Job application interview

How to Ensure No One Reads Your Job Application


Up to this point, we must have received more than 10,000 resumes (easily!) over the past seven years of running our digital agency. Most of the resumes we receive are similar. Some are impressive, and the rest can be dismissed with a single glimpse.


Most of us forget the fact that in most cases, a resume is your first (or second, if you send a cover letter) impression in front of your future employer.


If you are applying for a job, please do NOT make the following mistakes to ensure your application makes the shortlist of the position you are applying for:


  • Sending an email without a subject line – We have to go through 100’s of emails every day, and if your email is there without a subject line, it will end up in the spam or junk folders.


  • Sending an email without a cover letter – A cover letter is your chance to make your initial personal connection with the intended employer. Extra points are given to those who have taken the time to understand what the company does and ensure that the cover letter explains how one can make a difference and add value to the company.


  • Keeping the company in BCC – This clearly means you are sending your resume in bulk and hoping someone will look at it. It is important to remember that you are not an ecommerce company sending emailers to millions of users during your billion-day sales. More often than not, your email will be ignored.


  • Keep the company in CC – Even worse than point 3.


  • Resume in .doc/.docx format – I do not understand why converting a .doc/.docx file to a PDF is so challenging. Do you know that it is far easier to change a .doc/.docx file and misuse it rather than a PDF file? Please do not send resumes as a word document. The worst are JPEG/JPG resumes (Yup, we have gotten them too!)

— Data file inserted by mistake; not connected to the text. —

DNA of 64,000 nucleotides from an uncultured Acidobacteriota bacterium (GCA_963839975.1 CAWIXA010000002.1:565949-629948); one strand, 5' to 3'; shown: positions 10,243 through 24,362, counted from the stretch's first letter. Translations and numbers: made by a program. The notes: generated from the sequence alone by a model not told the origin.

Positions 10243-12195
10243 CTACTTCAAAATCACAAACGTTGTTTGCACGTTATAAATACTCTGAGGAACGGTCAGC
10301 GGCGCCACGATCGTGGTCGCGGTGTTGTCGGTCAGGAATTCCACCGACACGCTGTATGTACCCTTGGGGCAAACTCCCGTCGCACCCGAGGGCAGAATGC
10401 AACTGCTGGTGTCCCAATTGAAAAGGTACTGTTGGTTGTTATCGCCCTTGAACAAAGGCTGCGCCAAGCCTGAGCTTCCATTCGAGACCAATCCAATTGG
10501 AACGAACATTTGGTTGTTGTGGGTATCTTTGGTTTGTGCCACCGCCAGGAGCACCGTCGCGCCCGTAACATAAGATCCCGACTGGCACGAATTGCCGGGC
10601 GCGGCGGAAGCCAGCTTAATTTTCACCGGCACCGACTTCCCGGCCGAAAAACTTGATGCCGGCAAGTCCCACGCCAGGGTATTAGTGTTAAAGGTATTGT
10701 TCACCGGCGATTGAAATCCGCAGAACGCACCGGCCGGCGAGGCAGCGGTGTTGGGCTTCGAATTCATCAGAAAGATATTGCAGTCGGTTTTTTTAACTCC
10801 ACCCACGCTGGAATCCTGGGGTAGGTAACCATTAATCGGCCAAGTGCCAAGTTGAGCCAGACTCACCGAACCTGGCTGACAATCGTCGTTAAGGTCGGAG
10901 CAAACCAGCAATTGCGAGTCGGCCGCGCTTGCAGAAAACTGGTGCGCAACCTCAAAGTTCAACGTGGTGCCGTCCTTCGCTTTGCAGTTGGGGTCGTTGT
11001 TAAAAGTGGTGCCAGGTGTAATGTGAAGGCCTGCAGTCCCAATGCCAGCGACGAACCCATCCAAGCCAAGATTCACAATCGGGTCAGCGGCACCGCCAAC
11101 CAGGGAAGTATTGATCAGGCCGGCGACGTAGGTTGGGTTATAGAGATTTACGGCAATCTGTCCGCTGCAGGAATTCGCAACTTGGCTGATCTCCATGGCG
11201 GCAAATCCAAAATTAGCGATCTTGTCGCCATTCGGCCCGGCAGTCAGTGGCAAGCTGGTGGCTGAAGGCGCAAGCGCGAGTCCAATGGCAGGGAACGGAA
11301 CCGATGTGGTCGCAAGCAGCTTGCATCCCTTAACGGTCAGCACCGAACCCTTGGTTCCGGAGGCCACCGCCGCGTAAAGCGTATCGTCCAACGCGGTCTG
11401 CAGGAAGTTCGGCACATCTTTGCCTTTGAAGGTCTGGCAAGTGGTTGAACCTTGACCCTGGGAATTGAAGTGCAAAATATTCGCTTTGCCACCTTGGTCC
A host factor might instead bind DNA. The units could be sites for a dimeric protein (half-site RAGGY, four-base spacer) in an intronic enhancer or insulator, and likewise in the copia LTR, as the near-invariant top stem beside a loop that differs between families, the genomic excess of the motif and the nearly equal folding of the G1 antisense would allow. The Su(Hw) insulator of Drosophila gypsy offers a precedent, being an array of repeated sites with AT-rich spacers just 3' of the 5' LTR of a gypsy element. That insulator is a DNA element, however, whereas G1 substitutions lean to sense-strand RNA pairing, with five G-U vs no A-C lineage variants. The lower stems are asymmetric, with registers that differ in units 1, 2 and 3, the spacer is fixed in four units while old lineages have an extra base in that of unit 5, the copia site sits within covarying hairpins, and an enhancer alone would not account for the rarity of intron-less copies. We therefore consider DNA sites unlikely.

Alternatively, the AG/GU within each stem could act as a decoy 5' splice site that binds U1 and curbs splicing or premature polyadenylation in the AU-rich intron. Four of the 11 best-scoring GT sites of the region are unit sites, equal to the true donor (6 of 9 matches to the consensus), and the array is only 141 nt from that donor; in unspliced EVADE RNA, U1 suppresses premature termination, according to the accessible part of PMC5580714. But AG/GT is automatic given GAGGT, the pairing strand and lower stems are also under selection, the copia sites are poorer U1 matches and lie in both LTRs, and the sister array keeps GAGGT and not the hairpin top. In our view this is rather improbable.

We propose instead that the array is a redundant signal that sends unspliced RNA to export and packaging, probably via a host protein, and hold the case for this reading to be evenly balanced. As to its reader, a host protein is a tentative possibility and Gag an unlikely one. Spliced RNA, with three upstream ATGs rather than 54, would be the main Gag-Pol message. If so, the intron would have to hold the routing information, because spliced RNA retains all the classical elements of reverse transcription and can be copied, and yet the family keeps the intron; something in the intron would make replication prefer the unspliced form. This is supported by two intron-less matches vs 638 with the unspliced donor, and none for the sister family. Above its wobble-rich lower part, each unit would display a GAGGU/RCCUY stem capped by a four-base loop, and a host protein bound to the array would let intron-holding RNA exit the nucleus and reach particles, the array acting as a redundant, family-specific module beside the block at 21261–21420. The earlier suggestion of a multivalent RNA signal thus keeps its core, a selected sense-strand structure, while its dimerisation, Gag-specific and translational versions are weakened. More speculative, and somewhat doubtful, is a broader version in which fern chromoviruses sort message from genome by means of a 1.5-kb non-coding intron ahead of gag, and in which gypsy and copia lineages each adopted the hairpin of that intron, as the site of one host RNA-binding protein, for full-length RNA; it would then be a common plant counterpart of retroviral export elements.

• Naming convention of the resume – resume_1, resume_copy, resume_jan – This naming convention speaks a lot about your organization skills. Ideally your resume should have the word resume, then your first name and last name. You may want to complement it with your skill set or the position name you’re applying for. Your resume will probably go to multiple people and departments, and if you can make it stand out using a simple convention, it just makes things easier.


  • Poor Resumes – Resumes are supposed to be short and crisp. You will not be judged on the length of your resume (unlike your answer book in theoretical exams). Try to fit your resume on 1 – 2 pages, state the relevant information, use proper formatting and refrain from spelling mistakes. Many good samples can be found online. Do not copy-paste your best friend’s resume. Chances are, both of you will not get an audience.


  • Following up – Give the company some time before following up. Do not press the send email button and call the company right away to see if they have received your resume. Follow up after a few days.

Rishi Rais